Tips to reduce spam calls to your phone

Wednesday , March 14, 2018 - 12:00 AM

LESLIE MEREDITH, Special to the Standard-Examiner

In the early days of cellphones, they were immune to telemarketing calls, but no more. A quick survey of my employees reveals they receive at least a couple of such calls a day from real people and from automated services, known as robocalls. The Federal Trade Commission confirms that the problem is growing, largely due to cheap technology.

In its report to Congress at the end of 2017, the FTC said the number of complaints about illegal robocalls increased dramatically. In 2017, it received 375,000 complaints a month, twice the number recorded in the months of the previous year. It blamed Voice Over Internet Protocol (VoIP) technology. If you’ve ever used Facetime, Skype or WhatsApp, you’ve used VoIP. Companies like it because it allows employees to make calls all over the world for free, and that’s appealing to telemarketing companies — legal and illegal — as well.

Technological developments have also allowed illegal telemarketers to easily fake the caller ID information that accompanies their calls, which allows them to conceal their identity from consumers. Reports of neighborhood caller ID spoofing, where the caller displays a caller ID number with the same area code and exchange as the called party, have also increased, the FTC said. This spoofing not only increases the likelihood that you’ll pick up the phone, it makes it difficult for law enforcement to identify the source of these illegal calls.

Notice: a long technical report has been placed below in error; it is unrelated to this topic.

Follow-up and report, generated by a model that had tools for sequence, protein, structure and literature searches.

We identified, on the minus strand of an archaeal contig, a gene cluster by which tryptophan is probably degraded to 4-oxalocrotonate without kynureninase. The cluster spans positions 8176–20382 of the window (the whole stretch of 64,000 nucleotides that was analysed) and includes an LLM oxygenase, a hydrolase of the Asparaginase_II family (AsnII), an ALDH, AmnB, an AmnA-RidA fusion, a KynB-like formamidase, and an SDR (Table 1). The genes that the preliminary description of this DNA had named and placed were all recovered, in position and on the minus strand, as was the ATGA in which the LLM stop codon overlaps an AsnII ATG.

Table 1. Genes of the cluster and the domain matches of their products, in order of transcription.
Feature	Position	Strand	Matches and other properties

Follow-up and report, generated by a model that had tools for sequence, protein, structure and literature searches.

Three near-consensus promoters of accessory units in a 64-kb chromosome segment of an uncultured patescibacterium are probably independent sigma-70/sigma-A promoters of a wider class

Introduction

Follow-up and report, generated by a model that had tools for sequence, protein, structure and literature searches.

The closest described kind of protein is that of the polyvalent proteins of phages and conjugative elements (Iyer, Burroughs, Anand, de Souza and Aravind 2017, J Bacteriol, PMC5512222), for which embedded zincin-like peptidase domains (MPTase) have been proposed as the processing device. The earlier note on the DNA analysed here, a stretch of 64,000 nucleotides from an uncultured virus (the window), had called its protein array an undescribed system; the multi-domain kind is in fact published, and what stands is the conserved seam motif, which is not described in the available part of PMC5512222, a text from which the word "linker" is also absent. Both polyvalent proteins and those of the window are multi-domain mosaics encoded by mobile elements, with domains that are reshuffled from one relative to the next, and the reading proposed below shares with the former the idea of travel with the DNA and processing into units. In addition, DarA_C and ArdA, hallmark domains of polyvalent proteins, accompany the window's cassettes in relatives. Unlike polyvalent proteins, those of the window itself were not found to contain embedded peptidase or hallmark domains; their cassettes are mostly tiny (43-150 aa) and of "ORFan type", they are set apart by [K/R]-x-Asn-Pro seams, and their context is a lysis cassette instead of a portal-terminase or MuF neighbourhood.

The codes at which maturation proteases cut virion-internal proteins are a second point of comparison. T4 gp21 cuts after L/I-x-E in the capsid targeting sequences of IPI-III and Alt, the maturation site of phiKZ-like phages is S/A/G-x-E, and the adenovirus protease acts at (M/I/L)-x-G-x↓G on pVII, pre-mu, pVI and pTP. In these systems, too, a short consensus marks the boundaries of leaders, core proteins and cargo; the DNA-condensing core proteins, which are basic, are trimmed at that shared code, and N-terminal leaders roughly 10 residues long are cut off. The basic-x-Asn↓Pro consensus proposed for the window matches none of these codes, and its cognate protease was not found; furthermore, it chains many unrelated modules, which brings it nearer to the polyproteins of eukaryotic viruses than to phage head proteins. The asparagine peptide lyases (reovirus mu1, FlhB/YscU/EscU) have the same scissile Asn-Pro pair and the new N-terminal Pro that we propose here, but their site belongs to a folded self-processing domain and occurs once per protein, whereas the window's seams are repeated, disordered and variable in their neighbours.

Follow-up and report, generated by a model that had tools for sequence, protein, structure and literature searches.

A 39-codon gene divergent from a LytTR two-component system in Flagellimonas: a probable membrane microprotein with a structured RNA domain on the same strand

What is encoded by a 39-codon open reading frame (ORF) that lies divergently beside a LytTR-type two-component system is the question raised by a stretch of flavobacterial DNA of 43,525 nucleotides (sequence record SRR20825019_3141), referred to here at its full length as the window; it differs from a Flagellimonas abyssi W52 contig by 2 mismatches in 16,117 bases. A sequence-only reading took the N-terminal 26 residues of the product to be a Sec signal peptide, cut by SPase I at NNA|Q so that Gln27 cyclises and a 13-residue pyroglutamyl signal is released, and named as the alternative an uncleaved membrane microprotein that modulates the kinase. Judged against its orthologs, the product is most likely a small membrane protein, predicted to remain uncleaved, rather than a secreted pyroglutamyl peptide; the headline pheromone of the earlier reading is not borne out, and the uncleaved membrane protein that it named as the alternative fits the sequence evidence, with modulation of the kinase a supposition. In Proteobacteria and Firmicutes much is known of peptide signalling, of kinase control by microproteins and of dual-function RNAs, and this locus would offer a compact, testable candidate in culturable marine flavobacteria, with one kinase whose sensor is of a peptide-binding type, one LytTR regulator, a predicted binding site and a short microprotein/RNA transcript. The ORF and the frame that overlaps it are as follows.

While my solution has been to ignore calls from unfamiliar numbers and hope a legitimate caller leaves a message, that doesn’t stop the disruptions. Here are additional steps you can take to cut down on these unwanted calls.

If you’ve answered a call only to find it’s an unwanted telemarketer or a robocaller, make note of the number. You can block the number in your phone by going to the list of recent calls in your phone app. iPhone users can tap the blue information icon and then scroll down and choose “Block this Caller.” Those using Android phones will press the number (a long hold) and choose “Block.” This should do the trick, but it could prove time consuming if you have many numbers to block. It’s useless against callers that have blocked their number, which will come up as Unknown Caller.

For an additional layer of protection, you can add an app to your phone that will stop known spammers and scammers from getting through to you. This works much like Google’s web browser security that matches known malicious websites with requests from your IP address to open a webpage. You see a warning and are told to go back to your previous window. Similarly, anti-spam apps will look up incoming calls and try to match it to known spammer numbers.

For instance, Robokiller, an app that won the FTC’s $25,000 prize for best robocall protection, identifies spam calls (human and robotic) and reroutes them to a chatbot to keep them on the line and gather more information for Robokiller’s spam database. Your phone will not ring, but you will receive an alert for each call intercepted by the app. For a chuckle, check out their website (https://www.robokiller.com/) where you can listen to calls between spammers and Robokiller Answer Bots that come in a wide variety of personas, from a gruff Russian man to a true Southern belle. Robokiller isn’t free, but if you are plagued by spammers and want protection from scammers, $25 a year is probably worth it. Robokiller said users can expect to see a 90 percent decrease in unwanted calls.

Once you download the app from the App Store, you will have to change some settings in iPhone, but it’s very simple. Go to "Settings," "Phone" and then tap "Call Blocking & Identification." Turn on “Allow These Apps to Block Calls" and "Provide Caller ID." The company announced the app will be available for Android users this month in the Google Play store.

Leslie Meredith has designed international websites and now runs marketing for a global events company. She writes about personal technology. You can email her at asklesliemeredith@gmail.com.

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